« 1873 May: 24th, L. A. Thiers falls and M. MacMahon is elected French president. Oct: 27th, Comte de Chambord ends hope of restoration of French monarchy by refusing to accept tricolour. Nov: 20th, French monarchists confer M. MacMahon with presidential powers for seven years.» (Williams, 1968, p.290); Cf. §707-§712 (V-36, VI-35, X-57, VI-53, IX-15 and VI-54).
« 1899 Feb: 18th, Émile Loubet is elected President of France (-1906), following Félix Faure’s death.» (id., p.386).
« 1905 Dec: 9th, separation of Church and State in France [On his resigning office shall be born a great division]; complete liberty of conscience.» (id., p.412); « 1905 December 9th Separation of the Churches and of the State: end of the regime of the 1801 Concordat, suppression of the ministry of Worship and of the retribution of the clergy by the State.» (Jouette, p.186).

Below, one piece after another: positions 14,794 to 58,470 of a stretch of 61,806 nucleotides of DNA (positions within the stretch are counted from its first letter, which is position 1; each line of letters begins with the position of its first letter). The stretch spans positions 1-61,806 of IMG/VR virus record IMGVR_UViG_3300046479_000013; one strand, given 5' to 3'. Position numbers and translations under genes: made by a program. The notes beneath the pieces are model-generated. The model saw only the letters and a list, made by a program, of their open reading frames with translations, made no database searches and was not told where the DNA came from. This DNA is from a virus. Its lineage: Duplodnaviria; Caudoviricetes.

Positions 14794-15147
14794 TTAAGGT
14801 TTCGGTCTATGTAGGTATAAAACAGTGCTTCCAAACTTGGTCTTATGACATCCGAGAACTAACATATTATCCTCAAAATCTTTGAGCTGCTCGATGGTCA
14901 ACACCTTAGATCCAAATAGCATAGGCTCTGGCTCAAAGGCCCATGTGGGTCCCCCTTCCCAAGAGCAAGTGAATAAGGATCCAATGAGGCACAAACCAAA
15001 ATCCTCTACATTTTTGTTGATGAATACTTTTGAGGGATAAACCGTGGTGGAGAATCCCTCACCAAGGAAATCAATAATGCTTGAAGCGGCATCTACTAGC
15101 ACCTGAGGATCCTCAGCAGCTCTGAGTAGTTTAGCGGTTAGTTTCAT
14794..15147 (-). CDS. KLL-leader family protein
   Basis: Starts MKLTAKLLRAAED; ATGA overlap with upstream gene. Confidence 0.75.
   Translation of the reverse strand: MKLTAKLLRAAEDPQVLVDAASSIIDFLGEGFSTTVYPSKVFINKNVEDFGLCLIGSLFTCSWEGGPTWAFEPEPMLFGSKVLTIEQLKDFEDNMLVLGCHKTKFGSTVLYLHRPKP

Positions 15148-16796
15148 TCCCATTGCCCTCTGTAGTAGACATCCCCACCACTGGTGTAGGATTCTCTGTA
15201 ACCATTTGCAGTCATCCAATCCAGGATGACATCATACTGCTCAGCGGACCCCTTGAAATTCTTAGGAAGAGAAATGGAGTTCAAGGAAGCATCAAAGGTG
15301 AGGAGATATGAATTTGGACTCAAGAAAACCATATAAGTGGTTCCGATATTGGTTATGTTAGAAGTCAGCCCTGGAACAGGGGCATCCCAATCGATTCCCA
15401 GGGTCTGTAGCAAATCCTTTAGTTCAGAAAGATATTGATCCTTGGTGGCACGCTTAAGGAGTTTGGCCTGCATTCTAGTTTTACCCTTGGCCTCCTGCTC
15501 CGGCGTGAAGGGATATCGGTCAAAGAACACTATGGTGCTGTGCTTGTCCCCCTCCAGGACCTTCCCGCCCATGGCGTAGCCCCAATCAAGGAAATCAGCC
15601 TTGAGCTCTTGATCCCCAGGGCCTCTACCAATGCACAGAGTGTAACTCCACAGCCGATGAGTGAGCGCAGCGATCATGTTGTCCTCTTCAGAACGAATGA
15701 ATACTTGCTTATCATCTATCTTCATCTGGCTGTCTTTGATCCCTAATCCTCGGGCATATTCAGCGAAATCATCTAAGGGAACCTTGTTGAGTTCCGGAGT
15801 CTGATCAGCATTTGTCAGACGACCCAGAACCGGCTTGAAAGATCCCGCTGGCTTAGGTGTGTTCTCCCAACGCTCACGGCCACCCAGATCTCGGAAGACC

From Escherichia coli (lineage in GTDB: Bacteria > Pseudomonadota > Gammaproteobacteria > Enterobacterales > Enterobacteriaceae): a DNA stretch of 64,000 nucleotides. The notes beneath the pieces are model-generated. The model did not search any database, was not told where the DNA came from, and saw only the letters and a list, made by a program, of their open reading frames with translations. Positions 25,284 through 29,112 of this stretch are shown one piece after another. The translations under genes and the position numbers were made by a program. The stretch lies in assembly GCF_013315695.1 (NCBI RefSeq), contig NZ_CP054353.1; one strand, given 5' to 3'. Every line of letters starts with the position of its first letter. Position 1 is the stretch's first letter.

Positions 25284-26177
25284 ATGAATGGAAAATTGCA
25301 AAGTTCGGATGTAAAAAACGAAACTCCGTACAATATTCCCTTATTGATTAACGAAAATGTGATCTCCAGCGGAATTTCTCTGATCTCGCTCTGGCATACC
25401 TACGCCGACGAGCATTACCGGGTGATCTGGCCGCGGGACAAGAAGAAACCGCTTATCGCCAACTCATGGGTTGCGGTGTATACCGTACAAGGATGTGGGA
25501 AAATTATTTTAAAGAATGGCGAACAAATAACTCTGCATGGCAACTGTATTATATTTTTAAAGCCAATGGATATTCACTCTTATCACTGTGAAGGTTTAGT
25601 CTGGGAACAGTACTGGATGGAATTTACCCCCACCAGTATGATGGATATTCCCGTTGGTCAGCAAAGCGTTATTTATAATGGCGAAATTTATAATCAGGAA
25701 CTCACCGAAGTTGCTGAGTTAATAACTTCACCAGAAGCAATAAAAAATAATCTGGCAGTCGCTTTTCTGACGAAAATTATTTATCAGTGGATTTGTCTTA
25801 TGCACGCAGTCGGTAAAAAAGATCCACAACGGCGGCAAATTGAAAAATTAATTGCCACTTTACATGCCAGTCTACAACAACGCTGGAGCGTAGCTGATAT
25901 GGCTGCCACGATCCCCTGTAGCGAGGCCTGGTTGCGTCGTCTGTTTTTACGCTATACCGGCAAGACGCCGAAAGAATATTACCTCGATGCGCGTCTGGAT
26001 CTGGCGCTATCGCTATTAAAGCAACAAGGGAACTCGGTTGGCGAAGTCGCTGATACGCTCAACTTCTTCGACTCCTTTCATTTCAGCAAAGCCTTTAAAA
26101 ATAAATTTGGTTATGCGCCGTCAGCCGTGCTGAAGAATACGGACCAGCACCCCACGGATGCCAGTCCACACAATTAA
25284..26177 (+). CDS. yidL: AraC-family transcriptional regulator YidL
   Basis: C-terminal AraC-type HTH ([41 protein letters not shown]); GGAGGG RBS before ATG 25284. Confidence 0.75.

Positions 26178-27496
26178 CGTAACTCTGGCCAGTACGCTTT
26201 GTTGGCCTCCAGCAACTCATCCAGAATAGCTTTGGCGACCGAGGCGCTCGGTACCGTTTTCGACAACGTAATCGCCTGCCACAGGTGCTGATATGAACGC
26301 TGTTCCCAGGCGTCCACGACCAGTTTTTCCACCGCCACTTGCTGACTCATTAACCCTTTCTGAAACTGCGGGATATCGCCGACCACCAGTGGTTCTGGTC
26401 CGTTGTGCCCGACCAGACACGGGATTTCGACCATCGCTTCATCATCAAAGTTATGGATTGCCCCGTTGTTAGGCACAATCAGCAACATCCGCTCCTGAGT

« 1906 January 17th Armand Fallières is elected President of the Republic.» (id.).
« 1913 January 17th Raymond Poincaré is elected President of the Republic.» (id., p.194).

Near Venice shall reappear union: « The Balkan States [Near Venice] (to 1908) Greece: the National Assembly chose 1863-1913 G
EORGE I (Glücksburg dynasty), ‘King of the Hellenes’ (as to the Greek Independence War (1821-1829), cf. §588, IX-91; §589, V-90; §590, VI-55). After the 1863 British hand-over of the Ionian Islands, the Enosis movement (union of all Greeks) took precedence over attempts at economic development. An uprising on Crete failed (1866). After the acquisition of Thessaly (1881), Macedonia became the object of dispute between Greece and Bulgaria. A 2nd uprising on Crete led to the 1897 Greco-Turkish War with Greek defeats in Thessaly. Nevertheless, Crete gained political autonomy under Turkish sovereignty because of the interference of the great powers. The leader of Enosis, Venizelos (1864-1936), proclaimed the annexation of Crete in 1905. 1908 Formal union of Crete and Greece.» (PenguinAtlas 2, p.81). « Sep. 1908 Union of Crete with Greece. As leader of the Liberal party, VENIZELOS gave momentum to the ‘Greater Greece Movement’.» (id., p.121).